Frequency Effects of Regular Past Tense Forms in English on Native Speakers’ and Second Language Learners’ Accuracy Rate and Reaction Time

Document Type: Research Paper


Department of English Language, Islamic Azad University, Lamerd Branch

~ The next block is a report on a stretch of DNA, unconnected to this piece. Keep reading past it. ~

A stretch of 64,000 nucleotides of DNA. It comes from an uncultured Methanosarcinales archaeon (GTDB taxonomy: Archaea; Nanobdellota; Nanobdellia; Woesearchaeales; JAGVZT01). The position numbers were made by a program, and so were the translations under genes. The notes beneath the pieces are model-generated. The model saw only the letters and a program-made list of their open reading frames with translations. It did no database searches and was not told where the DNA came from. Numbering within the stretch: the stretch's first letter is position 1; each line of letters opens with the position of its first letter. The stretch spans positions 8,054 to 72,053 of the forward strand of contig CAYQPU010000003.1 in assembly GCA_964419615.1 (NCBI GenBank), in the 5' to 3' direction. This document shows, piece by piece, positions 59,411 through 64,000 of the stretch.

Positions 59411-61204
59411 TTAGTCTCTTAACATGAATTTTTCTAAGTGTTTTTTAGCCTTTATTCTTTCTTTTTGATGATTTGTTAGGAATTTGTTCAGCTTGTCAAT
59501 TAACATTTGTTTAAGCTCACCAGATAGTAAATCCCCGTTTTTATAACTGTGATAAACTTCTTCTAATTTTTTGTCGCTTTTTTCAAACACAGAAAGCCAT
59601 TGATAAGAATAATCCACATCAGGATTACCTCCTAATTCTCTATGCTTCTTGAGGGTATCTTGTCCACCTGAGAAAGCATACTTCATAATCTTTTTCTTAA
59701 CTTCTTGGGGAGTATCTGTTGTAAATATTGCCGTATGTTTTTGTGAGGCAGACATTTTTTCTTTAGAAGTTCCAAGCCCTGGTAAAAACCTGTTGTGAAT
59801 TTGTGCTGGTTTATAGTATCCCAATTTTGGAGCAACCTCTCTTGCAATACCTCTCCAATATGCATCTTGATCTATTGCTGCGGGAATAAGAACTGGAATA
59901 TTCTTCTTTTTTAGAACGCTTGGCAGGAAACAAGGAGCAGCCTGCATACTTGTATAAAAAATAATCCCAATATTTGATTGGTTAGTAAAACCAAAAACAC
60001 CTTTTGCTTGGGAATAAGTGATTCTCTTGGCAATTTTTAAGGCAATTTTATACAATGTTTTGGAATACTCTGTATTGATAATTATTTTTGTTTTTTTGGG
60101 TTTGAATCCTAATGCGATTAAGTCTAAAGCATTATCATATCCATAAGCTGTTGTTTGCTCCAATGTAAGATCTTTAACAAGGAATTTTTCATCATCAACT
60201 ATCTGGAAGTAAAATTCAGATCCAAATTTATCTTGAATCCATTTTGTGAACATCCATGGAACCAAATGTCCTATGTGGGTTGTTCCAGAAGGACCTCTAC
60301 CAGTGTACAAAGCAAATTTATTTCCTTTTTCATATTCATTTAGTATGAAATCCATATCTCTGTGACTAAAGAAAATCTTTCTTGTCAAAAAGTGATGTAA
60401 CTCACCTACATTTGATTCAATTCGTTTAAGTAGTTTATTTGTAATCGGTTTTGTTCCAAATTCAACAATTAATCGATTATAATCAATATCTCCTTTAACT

There is substantial debate over the mental representation of regular past tense forms in both first language (L1) and second language (L2) processing. Specifically, the controversy revolves around the nature of morphologically complex forms such as the past tense –ed in English and how morphological structures of such forms are represented in the mental lexicon. This study focuses on the results of a speeded acceptability judgment task testing English regular past tense forms of high- and low frequencies. In this task, participants judged the acceptability of sentences as quickly and accurately as possible. Thirty-two intermediate-to-advanced L1 Persian and L1 Arabic speakers (L2ers) and twenty-two Native speakers (NSs) of English made acceptability judgments for regular past tense forms of high- and low-frequency verbs in sentential contexts. Considering participants’ reaction times (RTs) and accuracy rates as the dependent variables, the main results are as follows. Despite NSs’ faster RTs and higher accuracy scores, both groups demonstrated the same pattern of accuracy rates and RTs. Specifically, for accuracy data, regular verbs yielded a reverse frequency effect or anti-frequency effect in both groups (i.e., lower accuracy rates for high- than low-frequency regular forms in NSs as well as L2ers). For RT data, while the NSs exhibited a marginally anti-frequency effect, the L2ers displayed a nonsignificant trend for the anti-frequency effect. These results support the dual-mechanism models suggesting that the mental mechanisms and representations of inflectional morphology are the same in NSs and intermediate-to-advanced L2ers.


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